The Health Minister has expressed hope a £1 million boost for infected blood patients will help alleviate the hurt caused by a funding disparity with England.
The money allocated by the Executive as part of the in-year budgetary monitoring process will address an imbalance in support offered in other UK regions.
Thousands of patients across the UK were infected with HIV and hepatitis C through contaminated blood products in the 1970s and 1980s. Around 2,400 people died.
In April last year, at the outset of a state inquiry into the scandal, the Government announced an uplift in the level of financial support offered to those impacted during the time-frame of the inquiry.
However, that move only affected victims in England, with the devolved regions handed responsibility for making their own decisions on support. In Northern Ireland, the issue was one of many put on the long finger as a result of the powersharing impasse.
A commitment to resolve the issue was made in the deal that restored powersharing earlier this month.
I am very conscious of the hurt this divergence with England has caused to victims of infected blood hereRobin Swann
The £1 million announced on Monday will fund interim payments for Northern Ireland beneficiaries of the Infected Blood Payment Scheme ranging between £4,000 and £8,000 per person, depending on individual circumstances.
With a wider review of support payments ongoing, further support may be forthcoming before the end of the financial year.
Health Minister Robin Swann said: “I very much welcome this allocation. It allows my department to now issue payments to help alleviate hardship – ahead of concluding the review of the overall package of support in Northern Ireland.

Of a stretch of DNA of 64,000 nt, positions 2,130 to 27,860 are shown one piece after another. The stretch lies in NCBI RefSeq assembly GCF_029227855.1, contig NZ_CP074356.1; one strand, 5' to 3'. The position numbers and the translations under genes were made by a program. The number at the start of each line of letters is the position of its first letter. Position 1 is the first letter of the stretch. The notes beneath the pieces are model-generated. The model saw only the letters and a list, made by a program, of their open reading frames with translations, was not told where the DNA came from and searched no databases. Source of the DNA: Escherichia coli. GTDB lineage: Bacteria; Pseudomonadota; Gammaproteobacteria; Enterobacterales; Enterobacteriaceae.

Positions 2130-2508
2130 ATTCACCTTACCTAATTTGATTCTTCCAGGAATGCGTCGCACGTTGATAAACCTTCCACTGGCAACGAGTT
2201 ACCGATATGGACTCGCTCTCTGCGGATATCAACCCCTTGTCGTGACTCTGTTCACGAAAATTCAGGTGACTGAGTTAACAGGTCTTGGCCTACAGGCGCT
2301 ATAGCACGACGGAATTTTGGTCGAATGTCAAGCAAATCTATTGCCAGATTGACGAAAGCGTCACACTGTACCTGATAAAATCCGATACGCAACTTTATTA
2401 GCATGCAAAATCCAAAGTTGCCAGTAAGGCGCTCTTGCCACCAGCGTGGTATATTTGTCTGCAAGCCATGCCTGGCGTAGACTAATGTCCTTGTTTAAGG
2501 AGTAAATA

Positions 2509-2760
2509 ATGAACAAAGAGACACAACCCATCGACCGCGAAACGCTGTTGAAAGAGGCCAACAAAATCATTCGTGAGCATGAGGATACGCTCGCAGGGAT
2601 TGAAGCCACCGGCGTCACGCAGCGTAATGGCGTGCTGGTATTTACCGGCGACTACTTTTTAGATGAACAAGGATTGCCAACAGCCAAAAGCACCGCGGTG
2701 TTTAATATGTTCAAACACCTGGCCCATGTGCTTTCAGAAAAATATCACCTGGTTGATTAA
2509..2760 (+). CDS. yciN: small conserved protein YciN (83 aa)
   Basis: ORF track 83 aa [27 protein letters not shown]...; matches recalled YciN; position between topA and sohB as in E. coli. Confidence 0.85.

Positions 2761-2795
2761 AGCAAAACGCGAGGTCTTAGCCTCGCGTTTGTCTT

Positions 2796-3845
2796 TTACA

“The use of contaminated blood and blood products in the 1970s and 1980s was clearly the worst disaster in UK health care since the creation of the NHS. I am very aware of the terrible suffering and financial hardship that people have endured as a result of receiving a devastating diagnosis following receipt of NHS contaminated blood.”
Mr Swann acknowledged that the failure to increase funding in line with England last year had caused hurt.
“I am very conscious of the hurt this divergence with England has caused to victims of infected blood here,” he said.
“I hope the interim payments I have announced today will go some way toward addressing that hurt and alleviating financial hardship.
“I am also committed to a wider ongoing review of all the support provided to victims in Northern Ireland. I want to make sure all aspects of our support scheme best meet the needs of our people.”
He said the first phase of the review has already commenced and would inform the provision of further support before the end of this financial year.
The Infected Blood Inquiry, chaired by Sir Brian Langstaff, is due to deliver its report in 2021.